Federal prosecutors argued in a court filing today that the no-jail sentence given to billionaire tax-cheat H. Ty Warner was “substantively unreasonable,’’ in part because the sentencing judge was unduly impressed by his “not so extraordinary” charity and by 70 letters attesting to his generosity written primarily by employees, business associates and those he had donated to after learning the government was investigating him.
Last September, in a deal with the U.S. Attorney for Northern Illinois, Beanie Babies inventor Warner pleaded guilty to one felony count of tax evasion and agreed to pay a $53 million fine for hiding as much as $106 million in secret Swiss accounts and evading at least $5.5 million in tax on the accounts’ earnings over 12 years. According to the U.S. Sentencing Commission Guidelines, which ratchet up sentences with the dollar value of a white collar crime, the 69-year-old Warner should have been sentenced to between 46 and 57 months of jail time.
But in January, Chicago Federal District Court Judge Charles F. Kocoras let him off with probation and community service, after reading aloud from nine letters and declaring: “Mr. Warner’s private acts of kindness, generosity and benevolence are overwhelming. Never have I had a defendant in any case —white collar crime or otherwise—demonstrate the level of humanity and concern for the welfare of others as has Mr. Warner.’’ Warner’s charity, the judge added, “Trumps all of the ill-will and misconduct he engaged in.”
The downward departure from guidelines in Warner’s case was particularly dramatic and the U.S. Attorney for Northern Illinois, who had asked Kocoras to give Warner jail time, is now appealing the sentence to the 7th Circuit Court of appeals. The rare appeal, which had to be approved by the U.S. Solicitor General, is hardly a slam dunk; the government hasn’t won an appeal of a below-guidelines sentence for a tax crime since the Supreme Court ruled that the guidelines are not binding on sentencing judges.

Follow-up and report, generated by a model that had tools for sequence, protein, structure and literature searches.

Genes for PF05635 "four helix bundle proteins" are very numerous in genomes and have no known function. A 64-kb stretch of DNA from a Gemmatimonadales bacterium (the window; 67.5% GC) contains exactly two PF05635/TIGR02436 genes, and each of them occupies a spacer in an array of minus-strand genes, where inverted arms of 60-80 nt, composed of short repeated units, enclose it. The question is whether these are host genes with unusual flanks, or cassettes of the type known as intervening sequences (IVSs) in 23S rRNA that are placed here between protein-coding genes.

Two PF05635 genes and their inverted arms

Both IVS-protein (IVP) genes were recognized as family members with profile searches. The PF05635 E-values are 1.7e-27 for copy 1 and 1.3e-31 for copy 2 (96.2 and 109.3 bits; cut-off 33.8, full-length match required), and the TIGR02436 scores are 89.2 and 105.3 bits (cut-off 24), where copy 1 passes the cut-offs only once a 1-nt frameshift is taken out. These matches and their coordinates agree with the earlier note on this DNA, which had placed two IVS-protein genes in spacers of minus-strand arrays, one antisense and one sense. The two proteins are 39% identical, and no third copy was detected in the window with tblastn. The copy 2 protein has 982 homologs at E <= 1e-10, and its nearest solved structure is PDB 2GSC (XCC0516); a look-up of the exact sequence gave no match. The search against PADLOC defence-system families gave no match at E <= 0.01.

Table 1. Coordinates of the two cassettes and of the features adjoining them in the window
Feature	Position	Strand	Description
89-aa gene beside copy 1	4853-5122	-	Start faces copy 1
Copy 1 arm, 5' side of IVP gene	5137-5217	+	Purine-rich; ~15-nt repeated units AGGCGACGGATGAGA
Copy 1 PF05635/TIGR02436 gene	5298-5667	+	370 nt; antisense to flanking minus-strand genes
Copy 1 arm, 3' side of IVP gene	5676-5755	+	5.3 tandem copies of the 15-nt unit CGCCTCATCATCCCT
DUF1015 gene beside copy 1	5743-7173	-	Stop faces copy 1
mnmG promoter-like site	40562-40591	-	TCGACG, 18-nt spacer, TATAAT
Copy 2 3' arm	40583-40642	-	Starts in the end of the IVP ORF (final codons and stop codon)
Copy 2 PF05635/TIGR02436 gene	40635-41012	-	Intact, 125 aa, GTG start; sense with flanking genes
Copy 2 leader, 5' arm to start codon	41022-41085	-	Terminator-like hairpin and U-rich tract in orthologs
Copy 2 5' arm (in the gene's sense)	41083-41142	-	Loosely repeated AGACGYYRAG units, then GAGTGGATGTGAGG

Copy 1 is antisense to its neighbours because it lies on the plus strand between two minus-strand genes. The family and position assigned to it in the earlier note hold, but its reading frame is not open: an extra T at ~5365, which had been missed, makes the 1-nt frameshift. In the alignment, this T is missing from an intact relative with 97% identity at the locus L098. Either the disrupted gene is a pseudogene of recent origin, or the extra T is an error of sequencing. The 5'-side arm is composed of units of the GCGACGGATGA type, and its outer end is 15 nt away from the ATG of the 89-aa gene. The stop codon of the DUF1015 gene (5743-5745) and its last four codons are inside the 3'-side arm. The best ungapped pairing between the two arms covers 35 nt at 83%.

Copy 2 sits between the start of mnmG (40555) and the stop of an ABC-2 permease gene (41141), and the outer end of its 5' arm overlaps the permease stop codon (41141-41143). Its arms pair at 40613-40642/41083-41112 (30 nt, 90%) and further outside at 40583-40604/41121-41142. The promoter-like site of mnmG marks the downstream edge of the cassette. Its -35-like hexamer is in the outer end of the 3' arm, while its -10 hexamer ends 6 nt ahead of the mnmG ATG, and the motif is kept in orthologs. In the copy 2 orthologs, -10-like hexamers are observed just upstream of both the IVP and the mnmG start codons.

In their opening appeals brief filed late Friday, prosecutors painted Warner as distinctly ungenerous when compared with either ordinary Americans or with the billionaires who have pledged to give at least half their net worth to charity. (Since Warren Buffett and Melinda and Bill Gates started The Giving Pledge four years ago, 127 of the 1,650 or so billionaires that have been confirmed by Forbes, have signed the pledge, with a new crop, including Facebook COO Sheryl Sandberg, announced just this morning.)
At his sentencing, Warner’s net worth was pegged at $1.8 billion and his lawyers said he had donated $140 million to charity over the past decade. But prosecutors argued before the sentencing and again in their appeals brief, that that number was inflated because it reflected the retail value of the Beanie Babies Warner had donated and not his cost for producing the stuffed animals. They pegged the value of Warner’s contributions from 1998 to 2011 at just $35.7 million. Moreover, prosecutors pointed out, many of the donated toys “helped spur a Beanie Babies craze,’’ including, for example, a Beanie created for the benefit of the memorial fund for Princess Diana. Warner’s cash donations for an aquarium and bike path in Santa Barbara, Cal., they added, helped attract tourists to the nearby Four Seasons Resort he owned.
That $35.7 million Warner gave over 14 years, prosecutors calculated, amounted to just 2% of his net worth at sentencing. Translating that to common man equivalence, prosecutors noted that the median net worth of households in the U.S. in 2011 was $68,828 and that 2% of that is $1,377, which would amount to $100 a year of donations over 14 years.
“Warner is no `Robin hood.’ His past charitable contributions were not so extraordinary, in light of his wealth, that they qualified as a `get-out-of-jail-card,’’’ the prosecutors wrote.
The prosecutors also pointed out, as they have before, that Warner has never said where the money he deposited in UBS AG in Switzerland in 1996 came from. “The books and records of defendant’s company show the funds were not transferred from the company, nor did they come from defendant’s personal domestic bank accounts,’’ they wrote, raising the possibility that the money he stashed in UBS was income he skimmed from his business and never reported to the IRS. If that is the case, then Warner evaded a lot more than $5.5 million in tax. (In 1999 alone, Warner, as the sole owner of Ty Inc., had an adjusted gross income of $662 million.)
Before sentencing, Warner’s lawyers made much of the fact that he had tried to “rectify his mistake” by applying to the Internal Revenue Service’s Offshore Voluntary Disclosure Program in September 2009. More than 40,000 individuals with previously secret offshore accounts have entered that program, which gives miscreants amnesty from criminal prosecution if they tell all and pay stiff penalties and back taxes. Warner was turned down for the program, however, because the government was already investigating him, making him ineligible.
In their brief, prosecutors noted for the first time that, as Forbes first reported in February, Warner resisted complying with a federal grand jury subpoena for his foreign bank records. (He turned over the records after an appeals court ordered him to, but nevertheless appealed anonymously to the Supreme Court, which declined to hear his case.)